FIFA proposes restructuring celebration rules after Indian footballer dies due to back flip

Published 31 October 2014 | Authored by: Manali Kulkarni

After scoring an equalizing goal against Chanmari West FC, Indian football player from Mizoram Premier League, Peter Biaksangzuala, celebrated with multiple somersaults. He landed incorrectly during one backflip, leaving him unconscious.

Shortly after, Biaksangzuala was taken to a hospital in the area, where the CT scan revealed spinal damage from the incident during the game; he was then moved to the Intensive Care Unit (ICU). On Sunday October 19, 2014, the Bethlehem Vengthlang FC (part of Mizoram Premier League) midfielder passed away in the ICU, due to the complications from the injury.1

The tragic death of the defensive midfielder has led Fédération Internationale de Football Association (FIFA)2 to recommend that the International Football Association Board (IFAB)3revise its rules for goal celebrations as mentioned in the 'Laws of the Game'4.5

Celebration of a goal” under Law 12, ‘Fouls and Misconduct’ of the 'Laws of the Games' currently states:

While it is permissible for a player to demonstrate his joy when a goal has been scored, the celebration must not be excessive.

Reasonable celebrations are allowed, but the practice of choreographed celebrations is not to be encouraged when it results in excessive time-wasting and referees are instructed to intervene in such cases.6

The law bans player from “excessive” celebrations, which can result in disciplinary action to be taken against the player. A back flip, however, until now has presumably bee considered a common celebration in football and thus not considered as being excessive.7

FIFA issued a statement urging IFAB, responsible for updating existing and introducing new ‘Laws of the Game’, to consider revising the regulations at the next annual general meeting on December 1, 2014 in order to prevent such incidents going forward.8

FIFA, though it can not amend Law 12, will be issuing a “directive” warning players “not to perform such celebrations.” After the directive has been issued, the FIFA Medical Committee will then begin writing a proposal to “outlaw” celebratory somersaults and backflips.9

The chairman of FIFA’s Medical Committee, Dr. Michel D’Hooghe, stated that he assumed the directive, which issues a warning against somersaults and backflips after scoring a goal, would not hold the required weight for the players to abide by it; thus, D’Hooghe supported that FIFA needs to write a proposal making these celebrations illegal, which will require IFAB’s approval at the December annual meeting. 10

D’Hooghe, also explained that FIFA will most concerned about the well known players because children follow the players’ actions. FIFA hopes that the directive will act as temporary preventative measures against such celebrations until further approval by IFAB of the previously mentioned proposal.11

FIFA has also advised all national football federations to submit any amendment proposals to the current football rules to be heard at the annual meeting.12 The IFAB will come to a decision on the FIFA proposal to make such behavior illegal at their next annual meeting.13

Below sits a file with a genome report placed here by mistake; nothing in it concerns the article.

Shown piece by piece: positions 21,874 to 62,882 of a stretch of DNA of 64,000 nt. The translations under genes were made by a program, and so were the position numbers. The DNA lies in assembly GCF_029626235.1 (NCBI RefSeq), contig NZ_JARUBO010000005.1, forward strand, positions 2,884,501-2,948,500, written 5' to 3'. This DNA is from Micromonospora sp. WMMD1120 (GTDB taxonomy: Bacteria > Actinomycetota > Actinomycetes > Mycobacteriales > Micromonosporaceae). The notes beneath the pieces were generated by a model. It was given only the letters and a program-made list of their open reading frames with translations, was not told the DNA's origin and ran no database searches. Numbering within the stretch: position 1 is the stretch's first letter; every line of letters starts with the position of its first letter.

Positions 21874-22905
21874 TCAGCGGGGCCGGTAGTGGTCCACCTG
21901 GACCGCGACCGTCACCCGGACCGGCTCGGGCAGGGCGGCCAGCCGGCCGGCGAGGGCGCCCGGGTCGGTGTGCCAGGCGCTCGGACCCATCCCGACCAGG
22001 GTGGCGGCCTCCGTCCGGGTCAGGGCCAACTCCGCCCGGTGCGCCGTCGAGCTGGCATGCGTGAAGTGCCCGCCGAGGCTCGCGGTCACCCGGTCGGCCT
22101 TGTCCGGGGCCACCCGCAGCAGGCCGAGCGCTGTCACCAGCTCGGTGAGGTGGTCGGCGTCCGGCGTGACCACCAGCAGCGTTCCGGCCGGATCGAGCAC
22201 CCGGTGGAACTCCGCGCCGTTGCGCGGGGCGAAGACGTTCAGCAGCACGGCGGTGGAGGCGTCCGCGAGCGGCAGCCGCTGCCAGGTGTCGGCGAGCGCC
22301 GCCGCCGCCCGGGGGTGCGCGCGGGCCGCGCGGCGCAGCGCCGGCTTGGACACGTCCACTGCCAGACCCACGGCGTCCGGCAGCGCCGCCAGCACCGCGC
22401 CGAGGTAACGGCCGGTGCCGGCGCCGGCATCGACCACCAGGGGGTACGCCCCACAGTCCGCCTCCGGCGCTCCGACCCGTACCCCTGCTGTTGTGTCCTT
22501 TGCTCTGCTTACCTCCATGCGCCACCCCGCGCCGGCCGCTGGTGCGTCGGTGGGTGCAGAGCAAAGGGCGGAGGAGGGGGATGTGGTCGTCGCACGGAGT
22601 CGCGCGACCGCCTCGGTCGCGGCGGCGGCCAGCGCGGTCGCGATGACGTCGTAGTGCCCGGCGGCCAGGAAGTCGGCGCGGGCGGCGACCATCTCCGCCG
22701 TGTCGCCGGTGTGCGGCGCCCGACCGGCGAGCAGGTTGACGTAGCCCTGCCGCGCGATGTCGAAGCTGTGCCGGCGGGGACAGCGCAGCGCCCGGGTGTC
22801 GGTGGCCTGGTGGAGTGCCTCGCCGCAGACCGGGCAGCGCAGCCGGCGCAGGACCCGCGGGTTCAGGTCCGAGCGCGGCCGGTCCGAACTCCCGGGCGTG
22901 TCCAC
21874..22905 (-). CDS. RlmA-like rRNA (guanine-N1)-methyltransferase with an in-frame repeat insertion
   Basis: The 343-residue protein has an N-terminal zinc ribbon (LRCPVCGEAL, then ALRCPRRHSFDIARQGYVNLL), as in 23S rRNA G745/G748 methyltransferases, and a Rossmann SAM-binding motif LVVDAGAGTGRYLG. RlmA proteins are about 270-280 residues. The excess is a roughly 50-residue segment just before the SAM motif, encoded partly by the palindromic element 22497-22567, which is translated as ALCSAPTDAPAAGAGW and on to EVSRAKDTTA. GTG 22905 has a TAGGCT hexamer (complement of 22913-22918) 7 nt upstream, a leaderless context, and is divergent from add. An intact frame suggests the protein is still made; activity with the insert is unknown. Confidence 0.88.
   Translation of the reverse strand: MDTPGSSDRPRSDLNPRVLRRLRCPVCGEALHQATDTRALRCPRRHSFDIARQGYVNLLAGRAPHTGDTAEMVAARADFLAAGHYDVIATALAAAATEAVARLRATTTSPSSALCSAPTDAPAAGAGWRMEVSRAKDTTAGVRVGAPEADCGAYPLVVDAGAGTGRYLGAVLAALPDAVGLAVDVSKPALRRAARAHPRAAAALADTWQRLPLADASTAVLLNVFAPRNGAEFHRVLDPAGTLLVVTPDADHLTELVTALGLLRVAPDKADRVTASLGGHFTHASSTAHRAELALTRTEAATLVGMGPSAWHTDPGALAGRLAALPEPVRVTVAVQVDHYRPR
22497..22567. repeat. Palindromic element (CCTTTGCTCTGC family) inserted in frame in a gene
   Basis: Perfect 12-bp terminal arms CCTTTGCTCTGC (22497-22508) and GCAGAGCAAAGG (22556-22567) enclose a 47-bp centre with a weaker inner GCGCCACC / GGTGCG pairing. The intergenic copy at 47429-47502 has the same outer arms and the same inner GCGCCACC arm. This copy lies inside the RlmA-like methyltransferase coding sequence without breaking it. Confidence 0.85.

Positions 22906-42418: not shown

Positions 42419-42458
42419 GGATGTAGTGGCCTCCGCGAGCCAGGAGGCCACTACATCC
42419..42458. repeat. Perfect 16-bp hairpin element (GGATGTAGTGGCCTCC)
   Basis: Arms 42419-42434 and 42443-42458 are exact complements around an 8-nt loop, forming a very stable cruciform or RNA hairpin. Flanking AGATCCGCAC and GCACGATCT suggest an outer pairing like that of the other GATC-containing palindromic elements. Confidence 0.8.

As for the current status of Indian football, no changes have been introduced to any celebrations in the Indian Super League (ISL)14, which is currently taking place. Notably, a spokesperson from IMG Reliance, one ISL’s League Organizers15, further explained that the ISL operates on a Rs 650 crore ( 66.2 million GBP) insurance budget, protecting players against sickness and injuries, and additionally pointed out that there are on site ambulances and medical teams for the players. The IMG spokesperson addressed the backflip matter by stating that a ban on celebratory backflips is not a decision for ISL to make, but is rather left up to the discretion of an individual clubs.16

Mumbai City FC17 CEO, Indranil Blah, expressed that players are aware of the risks resulting from such celebrations and “over the top” celebrations are not encouraged. Blah stated, "There hasn't been a separate communication that has gone out to the players. They're aware of the pitfalls of such stunts. Anyway, as a team, we are averse to over the top celebrations."18

Similarly Delhi Dynamos FC19 representative, Varun Achreja, seconded Blah’s reasoning by stating that though the ISL community is affected by Biaksangzuala’s death, it does not necessity initiating a ban on such celebration after a goal.20

Conclusion

Though it is inarguable that losing Biaksangzuala was tragic and highly unfortunate, however it does not necessitate a ban on all such celebratory somersaults and backflips. A player’s reaction to scoring in football, or any other sport, is marked by spontaneity, which is a highlight for the player, team, and the crowd. Thus, issuing a ban on such behaviour may eliminate this unplanned element that is an essential aspect of sport. However, concern that children viewing these celebrations and later imitating would seem to be a valid one. Emulation of these flips comes with the territory of the celebration being public. To address this, FIFA’s approach to issue a directive discouraging players from these types of celebrations is an effective option to establish preventative measures. The directive seems to create a common ground between protecting the youth from harmful or fatal emulations through a warning, without strictly infringing on the impromptu moment that follows after scoring.

 

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About the Author

Manali Kulkarni

Manali Kulkarni

Manali is the COO at LawInSport and executive contributor of the editorial board for LawInSport. She holds an LLM in Sports Law from Nottingham Law School (Nottingham Trent University).

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